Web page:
Photodynamic therapy (PDT) is a medical treatment in which a combination of a photosensitising drug and visible light causes destruction of selected cells. Due to the lack of true selectivity of preformed photosensitisers for neoplastic tissue and their high molecular weights, PDT of superficial skin lesions has traditionally been mediated by topical application of the porphyrin precursor 5-aminolevulinic acid (ALA). Objective: This article aims to review the traditional formulation-based approaches taken to topical delivery of ALA and discusses the more innovative strategies investigated for enhancement of PDT mediated by topical application of ALA and preformed photosensitisers. Methods: All of the available published print and online literature in this area was reviewed. As drug delivery of agents used in PDT is still something of an emerging field, it was not necessary to go beyond literature from the last 30 years. Results/conclusion: PDT of neoplastic skin lesions is currently based almost exclusively on topical application of simple semisolid dosage forms containing ALA or its methyl ester. Until expiry of patents on the current market-leading products, there is unlikely to be a great incentive to engage in design and evaluation of innovative formulations for topical PDT, especially those containing the more difficult-to-deliver preformed photosensitisers.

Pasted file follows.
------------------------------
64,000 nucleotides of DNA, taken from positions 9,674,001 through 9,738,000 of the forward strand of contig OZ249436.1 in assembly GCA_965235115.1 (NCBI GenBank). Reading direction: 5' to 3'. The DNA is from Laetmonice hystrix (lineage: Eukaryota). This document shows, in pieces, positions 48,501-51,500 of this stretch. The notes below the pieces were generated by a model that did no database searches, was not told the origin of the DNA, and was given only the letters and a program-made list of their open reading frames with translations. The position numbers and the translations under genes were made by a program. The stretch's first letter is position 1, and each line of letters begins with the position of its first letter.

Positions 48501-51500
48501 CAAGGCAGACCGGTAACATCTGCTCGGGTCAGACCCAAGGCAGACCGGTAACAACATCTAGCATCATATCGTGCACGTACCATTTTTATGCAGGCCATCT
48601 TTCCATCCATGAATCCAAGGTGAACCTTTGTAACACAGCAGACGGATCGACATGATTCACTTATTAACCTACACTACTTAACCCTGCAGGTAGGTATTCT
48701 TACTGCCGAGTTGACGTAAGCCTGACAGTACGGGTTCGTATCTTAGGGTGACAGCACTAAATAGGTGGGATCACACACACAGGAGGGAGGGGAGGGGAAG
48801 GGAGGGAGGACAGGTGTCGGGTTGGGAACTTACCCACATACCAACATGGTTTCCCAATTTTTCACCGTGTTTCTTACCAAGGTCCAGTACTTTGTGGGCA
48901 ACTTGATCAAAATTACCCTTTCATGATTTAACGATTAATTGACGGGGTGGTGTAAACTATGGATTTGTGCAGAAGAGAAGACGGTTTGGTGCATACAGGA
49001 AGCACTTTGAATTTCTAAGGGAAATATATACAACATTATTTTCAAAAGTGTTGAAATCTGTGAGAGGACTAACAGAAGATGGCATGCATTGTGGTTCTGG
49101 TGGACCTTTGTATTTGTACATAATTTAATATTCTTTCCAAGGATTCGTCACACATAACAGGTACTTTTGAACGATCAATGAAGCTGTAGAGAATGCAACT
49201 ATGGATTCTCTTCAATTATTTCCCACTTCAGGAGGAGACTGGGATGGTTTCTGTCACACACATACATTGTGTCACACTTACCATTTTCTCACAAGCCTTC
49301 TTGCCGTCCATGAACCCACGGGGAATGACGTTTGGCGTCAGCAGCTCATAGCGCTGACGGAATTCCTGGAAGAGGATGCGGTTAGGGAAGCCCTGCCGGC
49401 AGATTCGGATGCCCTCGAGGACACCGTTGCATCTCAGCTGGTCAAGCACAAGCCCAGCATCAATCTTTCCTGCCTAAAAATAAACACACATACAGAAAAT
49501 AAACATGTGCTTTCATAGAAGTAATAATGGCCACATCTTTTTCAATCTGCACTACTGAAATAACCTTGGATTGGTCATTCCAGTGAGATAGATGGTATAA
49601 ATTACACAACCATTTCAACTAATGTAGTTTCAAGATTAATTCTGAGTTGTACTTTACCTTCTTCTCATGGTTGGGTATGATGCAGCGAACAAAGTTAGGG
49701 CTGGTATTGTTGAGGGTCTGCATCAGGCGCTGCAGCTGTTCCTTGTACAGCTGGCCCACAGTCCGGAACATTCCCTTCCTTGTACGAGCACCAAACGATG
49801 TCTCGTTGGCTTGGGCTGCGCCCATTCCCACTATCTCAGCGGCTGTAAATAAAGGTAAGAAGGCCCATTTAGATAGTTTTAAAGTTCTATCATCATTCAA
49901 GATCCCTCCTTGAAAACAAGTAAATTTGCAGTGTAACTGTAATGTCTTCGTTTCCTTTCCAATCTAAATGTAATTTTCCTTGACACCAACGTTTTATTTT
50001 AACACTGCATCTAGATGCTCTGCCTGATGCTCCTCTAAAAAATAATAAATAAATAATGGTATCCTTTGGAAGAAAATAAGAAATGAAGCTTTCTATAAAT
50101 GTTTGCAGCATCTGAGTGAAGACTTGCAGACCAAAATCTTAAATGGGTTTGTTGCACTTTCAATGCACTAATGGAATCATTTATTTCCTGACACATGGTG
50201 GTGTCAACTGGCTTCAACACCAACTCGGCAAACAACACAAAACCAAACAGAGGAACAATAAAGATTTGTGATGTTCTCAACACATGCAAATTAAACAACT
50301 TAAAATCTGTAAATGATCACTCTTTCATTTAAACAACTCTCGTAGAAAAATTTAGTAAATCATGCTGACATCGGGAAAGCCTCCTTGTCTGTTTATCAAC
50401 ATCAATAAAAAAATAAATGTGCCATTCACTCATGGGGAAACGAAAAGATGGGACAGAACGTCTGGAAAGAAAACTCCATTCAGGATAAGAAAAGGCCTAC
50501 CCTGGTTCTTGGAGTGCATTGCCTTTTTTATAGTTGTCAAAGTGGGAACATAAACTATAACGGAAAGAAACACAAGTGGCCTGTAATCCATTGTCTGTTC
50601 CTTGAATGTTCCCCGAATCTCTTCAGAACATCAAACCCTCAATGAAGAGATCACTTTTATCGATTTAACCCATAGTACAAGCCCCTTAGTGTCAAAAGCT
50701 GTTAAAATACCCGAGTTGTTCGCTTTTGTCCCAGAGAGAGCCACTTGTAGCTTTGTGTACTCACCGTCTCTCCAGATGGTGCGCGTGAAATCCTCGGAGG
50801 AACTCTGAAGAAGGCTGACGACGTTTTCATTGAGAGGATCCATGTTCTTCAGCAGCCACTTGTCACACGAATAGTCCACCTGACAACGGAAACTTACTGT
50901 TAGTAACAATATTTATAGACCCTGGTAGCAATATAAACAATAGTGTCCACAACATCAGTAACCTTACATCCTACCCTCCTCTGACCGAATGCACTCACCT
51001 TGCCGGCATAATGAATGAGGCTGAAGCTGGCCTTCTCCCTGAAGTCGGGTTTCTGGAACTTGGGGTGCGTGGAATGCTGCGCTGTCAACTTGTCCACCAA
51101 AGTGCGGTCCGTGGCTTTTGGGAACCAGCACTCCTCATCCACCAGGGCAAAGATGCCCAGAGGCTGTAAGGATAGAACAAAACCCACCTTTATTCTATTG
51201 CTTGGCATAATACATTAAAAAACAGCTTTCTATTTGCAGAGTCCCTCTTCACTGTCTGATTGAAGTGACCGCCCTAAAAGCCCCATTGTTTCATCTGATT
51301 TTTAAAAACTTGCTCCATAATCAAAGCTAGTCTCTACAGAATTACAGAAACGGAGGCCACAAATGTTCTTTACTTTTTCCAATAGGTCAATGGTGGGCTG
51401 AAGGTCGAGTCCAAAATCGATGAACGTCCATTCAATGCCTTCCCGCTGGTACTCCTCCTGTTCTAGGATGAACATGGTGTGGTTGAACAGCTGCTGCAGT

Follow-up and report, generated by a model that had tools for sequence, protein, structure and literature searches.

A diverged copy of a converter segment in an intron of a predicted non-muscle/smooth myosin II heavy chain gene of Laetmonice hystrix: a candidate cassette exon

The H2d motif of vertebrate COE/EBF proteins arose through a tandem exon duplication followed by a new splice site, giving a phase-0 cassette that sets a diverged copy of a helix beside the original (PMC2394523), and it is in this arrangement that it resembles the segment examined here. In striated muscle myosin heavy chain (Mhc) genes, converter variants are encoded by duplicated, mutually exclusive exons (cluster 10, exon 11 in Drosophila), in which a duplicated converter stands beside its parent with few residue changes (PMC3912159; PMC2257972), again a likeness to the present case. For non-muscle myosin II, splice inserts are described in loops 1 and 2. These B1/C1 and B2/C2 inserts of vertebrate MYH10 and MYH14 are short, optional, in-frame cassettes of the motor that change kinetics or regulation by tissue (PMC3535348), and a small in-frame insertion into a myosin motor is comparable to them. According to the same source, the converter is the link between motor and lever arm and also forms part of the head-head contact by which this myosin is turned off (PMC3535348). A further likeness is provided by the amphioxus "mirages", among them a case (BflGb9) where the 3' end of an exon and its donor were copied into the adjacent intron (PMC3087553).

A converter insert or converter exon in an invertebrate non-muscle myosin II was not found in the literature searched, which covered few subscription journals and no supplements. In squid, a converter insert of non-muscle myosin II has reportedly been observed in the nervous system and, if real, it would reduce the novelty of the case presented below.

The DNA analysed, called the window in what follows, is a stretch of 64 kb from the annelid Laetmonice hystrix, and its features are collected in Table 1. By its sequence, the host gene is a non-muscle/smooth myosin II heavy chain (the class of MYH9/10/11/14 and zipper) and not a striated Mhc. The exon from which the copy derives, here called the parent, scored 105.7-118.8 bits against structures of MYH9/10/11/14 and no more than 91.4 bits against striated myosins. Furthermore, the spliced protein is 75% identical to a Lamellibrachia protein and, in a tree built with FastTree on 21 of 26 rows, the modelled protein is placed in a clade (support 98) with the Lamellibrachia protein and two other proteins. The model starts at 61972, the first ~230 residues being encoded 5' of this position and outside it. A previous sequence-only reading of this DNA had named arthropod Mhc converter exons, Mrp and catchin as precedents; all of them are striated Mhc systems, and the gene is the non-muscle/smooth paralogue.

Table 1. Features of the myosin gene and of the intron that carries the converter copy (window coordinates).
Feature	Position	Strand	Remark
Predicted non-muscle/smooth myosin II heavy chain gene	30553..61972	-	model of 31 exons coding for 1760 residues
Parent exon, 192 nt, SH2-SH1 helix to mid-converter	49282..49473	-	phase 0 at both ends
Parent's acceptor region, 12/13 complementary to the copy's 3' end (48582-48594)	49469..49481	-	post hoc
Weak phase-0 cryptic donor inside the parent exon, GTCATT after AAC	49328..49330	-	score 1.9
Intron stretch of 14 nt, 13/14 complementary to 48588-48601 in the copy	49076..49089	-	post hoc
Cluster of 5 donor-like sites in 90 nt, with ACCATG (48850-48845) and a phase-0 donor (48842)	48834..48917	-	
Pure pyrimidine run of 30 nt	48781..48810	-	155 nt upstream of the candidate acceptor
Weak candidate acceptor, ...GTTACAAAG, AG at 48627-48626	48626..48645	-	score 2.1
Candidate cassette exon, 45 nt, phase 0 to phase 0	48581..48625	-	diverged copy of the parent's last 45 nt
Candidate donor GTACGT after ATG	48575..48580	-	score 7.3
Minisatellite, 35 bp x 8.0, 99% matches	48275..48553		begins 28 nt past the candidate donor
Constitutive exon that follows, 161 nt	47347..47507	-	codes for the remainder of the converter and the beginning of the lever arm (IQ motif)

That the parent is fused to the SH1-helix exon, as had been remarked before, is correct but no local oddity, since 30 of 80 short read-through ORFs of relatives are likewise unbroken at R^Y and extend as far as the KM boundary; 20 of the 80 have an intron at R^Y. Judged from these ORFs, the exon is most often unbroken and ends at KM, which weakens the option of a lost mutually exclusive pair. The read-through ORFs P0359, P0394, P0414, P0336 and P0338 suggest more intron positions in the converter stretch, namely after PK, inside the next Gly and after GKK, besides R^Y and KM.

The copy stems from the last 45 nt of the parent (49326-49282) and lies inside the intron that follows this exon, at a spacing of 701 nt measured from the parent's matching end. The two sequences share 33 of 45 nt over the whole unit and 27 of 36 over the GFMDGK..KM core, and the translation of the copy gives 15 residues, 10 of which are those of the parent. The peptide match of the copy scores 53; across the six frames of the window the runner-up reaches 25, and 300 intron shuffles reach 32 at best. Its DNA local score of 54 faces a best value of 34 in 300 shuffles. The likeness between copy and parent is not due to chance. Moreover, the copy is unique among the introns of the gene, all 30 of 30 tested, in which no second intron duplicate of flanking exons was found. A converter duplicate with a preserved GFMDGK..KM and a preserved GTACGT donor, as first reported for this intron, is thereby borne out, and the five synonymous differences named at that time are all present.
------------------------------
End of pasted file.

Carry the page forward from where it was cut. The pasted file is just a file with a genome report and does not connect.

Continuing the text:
ASJC Scopus subject areas
- Pharmaceutical Science
Donnelly, R., McCarron, P., Morrow, D., Sibani, S. A., & Woolfson, D. (2008). Photosensitiser delivery for photodynamic therapy. Part 1: Topical carrier platforms. Expert Opinion on Drug Delivery, 5(7), 757-766. https://doi.org/10.1517/17425240802196620